First of all, a big thank you to everyone who has bought a copy of my book, Practical Green Remodeling. As of a moment ago, Amazon.com's sales ranking show that it is
- #1 in Home & Garden > Sustainable Living>Energy Efficiency,
- and #2 in Home & Garden > How-to & Home Improvements > Remodeling & Renovation
Here is another excerpt from the book (with a few new edits):
What’s my motivation for going green?
Funny you should ask. You have two choices, really. Do you want to be totally hard nosed and practical, and just do things that directly benefit your family? Or do you want to get all environmental and tree huggerish? Save the whales and so forth.
If you’re just in it for yourself, you can stick with things that make the house more comfortable and economical to run. Concentrate on cutting your monthly utility bills, and use more durable materials and construction methods so it will cost less to maintain. And forget about the rest of the population; just worry about the people inside the house. Do things to reduce toxins and improve the indoor air quality - for purely selfish reasons.
Or, if you’re seriously determined to try and save the planet, you could go the other way entirely. Not be so selfish. Remodel in ways that cut energy use in order to reduce greenhouse gas emissions, reduce waste and conserve natural resources, and cut pollution. And vote with your wallet – refuse to buy materials and products that are environmentally harmful, or contain toxic compounds – which will drive down the price of those materials, to the benefit of everyone. In other words, you would make the house easier on the planet, more comfortable, more economical to operate, less expensive to maintain, better for your health, - for purely altruistic reasons.
What’s that you say? They both sound like exactly the same thing? Well, um, now that you mention it, yes, actually, they are. I have to admit, you’ve got a point there.
But what’s the payoff?
To answer that you have to ask yourself, what creates value? One of the first things homeowners want to know about any improvement is, will I it be a good investment? Will the added value justify the expense? But what is our standard for judging value? Is it just about how much the home will sell for?
Most home improvements do not add as much value to the house as they initially cost. A new kitchen that costs $50,000 typically adds less than $40,000 to the home’s resale value. On average, most renovations add anywhere from 65% to 85% of their cost to the home’s value.
So why do we do it? The answer for most people is that part of the value comes from the added enjoyment or functionality they get from the newly improved home. You might, for example, select a particularly attractive ceramic tile for your bathroom just because you like it, even though it costs more than a cheaper option that doesn’t turn you on. When you eventually sell the house, it is unlikely that your choice of tile will alter the price a buyer is willing to pay. But every day, when you walked into the bathroom it gave you pleasure. That’s worth something.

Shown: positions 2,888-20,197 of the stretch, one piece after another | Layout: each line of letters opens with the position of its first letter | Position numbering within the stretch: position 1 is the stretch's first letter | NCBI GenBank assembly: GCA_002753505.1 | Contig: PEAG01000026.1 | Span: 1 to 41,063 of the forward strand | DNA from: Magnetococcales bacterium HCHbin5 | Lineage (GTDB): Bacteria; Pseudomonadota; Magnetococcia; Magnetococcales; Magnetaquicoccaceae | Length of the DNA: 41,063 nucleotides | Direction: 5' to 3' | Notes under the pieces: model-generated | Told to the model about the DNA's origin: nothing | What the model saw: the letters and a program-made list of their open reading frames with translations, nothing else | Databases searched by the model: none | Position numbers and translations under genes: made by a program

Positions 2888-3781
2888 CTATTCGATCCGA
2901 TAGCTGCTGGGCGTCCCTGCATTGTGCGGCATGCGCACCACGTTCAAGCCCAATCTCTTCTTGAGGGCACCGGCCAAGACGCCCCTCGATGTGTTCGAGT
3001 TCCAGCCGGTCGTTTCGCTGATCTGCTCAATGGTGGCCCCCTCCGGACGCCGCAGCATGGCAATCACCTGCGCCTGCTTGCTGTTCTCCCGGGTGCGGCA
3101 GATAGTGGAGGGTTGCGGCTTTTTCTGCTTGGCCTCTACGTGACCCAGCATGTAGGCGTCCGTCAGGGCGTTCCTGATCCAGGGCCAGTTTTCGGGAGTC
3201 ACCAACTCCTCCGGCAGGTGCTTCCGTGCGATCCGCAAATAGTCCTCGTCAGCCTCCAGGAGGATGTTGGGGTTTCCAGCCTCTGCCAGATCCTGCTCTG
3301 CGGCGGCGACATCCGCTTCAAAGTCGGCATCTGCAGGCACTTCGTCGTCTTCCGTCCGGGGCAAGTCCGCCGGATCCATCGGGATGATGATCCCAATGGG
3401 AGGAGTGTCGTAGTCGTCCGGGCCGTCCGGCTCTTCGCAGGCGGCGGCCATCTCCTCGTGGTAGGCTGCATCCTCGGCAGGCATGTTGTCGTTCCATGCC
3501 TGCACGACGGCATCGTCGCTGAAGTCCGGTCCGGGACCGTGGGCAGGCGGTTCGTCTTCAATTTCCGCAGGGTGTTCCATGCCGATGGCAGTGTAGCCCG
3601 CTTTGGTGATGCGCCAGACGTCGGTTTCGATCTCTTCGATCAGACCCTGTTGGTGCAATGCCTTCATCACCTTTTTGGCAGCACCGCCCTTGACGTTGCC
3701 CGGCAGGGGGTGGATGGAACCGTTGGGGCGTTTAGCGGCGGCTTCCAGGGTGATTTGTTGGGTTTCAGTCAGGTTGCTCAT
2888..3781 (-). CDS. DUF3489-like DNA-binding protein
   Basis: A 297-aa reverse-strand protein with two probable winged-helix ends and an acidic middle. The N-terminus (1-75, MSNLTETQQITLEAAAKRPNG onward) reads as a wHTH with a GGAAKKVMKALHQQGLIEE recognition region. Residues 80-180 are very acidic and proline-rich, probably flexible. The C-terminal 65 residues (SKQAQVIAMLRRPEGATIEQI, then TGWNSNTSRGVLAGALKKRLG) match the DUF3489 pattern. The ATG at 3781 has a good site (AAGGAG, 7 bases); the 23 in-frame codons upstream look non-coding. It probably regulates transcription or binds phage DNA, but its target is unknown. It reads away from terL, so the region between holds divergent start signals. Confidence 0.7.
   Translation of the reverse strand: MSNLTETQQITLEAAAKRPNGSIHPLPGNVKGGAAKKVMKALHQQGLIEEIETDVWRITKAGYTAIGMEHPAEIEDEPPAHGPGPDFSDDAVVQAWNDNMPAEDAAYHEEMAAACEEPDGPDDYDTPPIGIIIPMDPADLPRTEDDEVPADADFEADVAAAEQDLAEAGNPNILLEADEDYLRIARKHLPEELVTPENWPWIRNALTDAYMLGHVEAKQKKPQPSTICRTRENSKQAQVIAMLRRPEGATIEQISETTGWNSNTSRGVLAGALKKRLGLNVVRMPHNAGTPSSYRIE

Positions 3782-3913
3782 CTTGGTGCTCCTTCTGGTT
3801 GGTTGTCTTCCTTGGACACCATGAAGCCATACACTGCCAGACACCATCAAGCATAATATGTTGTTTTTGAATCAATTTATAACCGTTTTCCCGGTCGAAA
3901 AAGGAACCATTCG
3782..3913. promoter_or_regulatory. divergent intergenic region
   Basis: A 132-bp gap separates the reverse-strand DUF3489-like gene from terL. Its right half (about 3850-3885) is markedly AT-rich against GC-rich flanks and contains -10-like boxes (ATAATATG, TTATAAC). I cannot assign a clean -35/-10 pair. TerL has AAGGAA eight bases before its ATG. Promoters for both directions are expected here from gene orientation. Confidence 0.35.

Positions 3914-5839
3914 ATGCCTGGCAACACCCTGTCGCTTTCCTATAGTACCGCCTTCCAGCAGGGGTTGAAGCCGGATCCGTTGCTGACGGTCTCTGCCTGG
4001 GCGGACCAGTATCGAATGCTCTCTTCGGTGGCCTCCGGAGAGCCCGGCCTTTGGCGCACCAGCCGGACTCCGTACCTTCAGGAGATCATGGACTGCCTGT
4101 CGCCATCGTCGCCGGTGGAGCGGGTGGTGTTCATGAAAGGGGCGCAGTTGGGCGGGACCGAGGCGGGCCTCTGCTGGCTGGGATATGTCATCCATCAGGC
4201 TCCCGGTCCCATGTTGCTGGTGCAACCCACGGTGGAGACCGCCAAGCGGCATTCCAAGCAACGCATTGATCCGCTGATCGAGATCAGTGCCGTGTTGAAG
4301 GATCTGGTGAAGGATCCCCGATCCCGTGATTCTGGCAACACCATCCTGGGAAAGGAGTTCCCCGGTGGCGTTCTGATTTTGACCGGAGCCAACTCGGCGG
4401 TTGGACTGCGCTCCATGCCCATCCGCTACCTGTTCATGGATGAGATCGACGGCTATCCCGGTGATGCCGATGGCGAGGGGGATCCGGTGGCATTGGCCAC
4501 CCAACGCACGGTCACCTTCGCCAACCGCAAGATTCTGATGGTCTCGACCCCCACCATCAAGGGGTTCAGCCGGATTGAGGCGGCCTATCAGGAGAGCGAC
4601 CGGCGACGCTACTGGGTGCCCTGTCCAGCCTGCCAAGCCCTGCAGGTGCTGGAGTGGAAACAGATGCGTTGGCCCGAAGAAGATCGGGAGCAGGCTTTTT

Adding a deck to the back of your house typically adds about 75% of its cost to the home’s value. But over the years you’ll spend many summer evenings relaxing on that deck, barbecuing, entertaining friends and family. The pleasure you get from having that deck means that, for you, it was money well spent.
But what about less tangible – or at least, less visible – improvements? If you install better ventilation and choose non-toxic materials that don’t endanger your family’s health, isn’t that worth something, even if the cost is slightly higher? What is the return on an investment that provides improved indoor air quality, reducing the likelihood that your children will suffer with allergies or asthma?
What if you have strong convictions about the environment? You might happily donate money to the World Wildlife Fund to help them fight deforestation in tropical rain forests. You don’t expect any return other than the knowledge that you helped a little bit. But you know that if enough people do the same, it will have a meaningful impact.
But what about spending a little more for sustainably harvested lumber? It won’t have any direct impact on your daily life. But as more people make that choice, it grows the market for sustainable lumber, which drives down the price. As the price goes down, illegal harvesting in rain forests, as well as other unsustainable forestry practices here and abroad, become less profitable, and a vital resource is preserved.
Weather any particular choice makes your home healthier to live in, or adds to your enjoyment of the house or your sense of pride in being a good citizen of Planet Earth, it is clear that not every decision you make is based on its value as an investment.
Still, in many ways, green remodeling is a sound financial investment. Investing in energy efficiency might cost a bit more up front, but you come out way ahead because the savings on your utility bills will be greater than the small increase in your mortgage payment. It is an investment that pays for itself – and then continues paying dividends as long as you own your home – and when you go to sell it. A growing body of evidence suggests that buyers are willing to pay more for energy-efficient green homes, and that such homes sell faster than nongreen homes.
As more people become aware of the benefits of living in healthy, energy-efficient homes, and as the cost of energy rises, it is very likely that those homes will sell at a significant premium, while energy hogs with poor indoor air quality will lose value.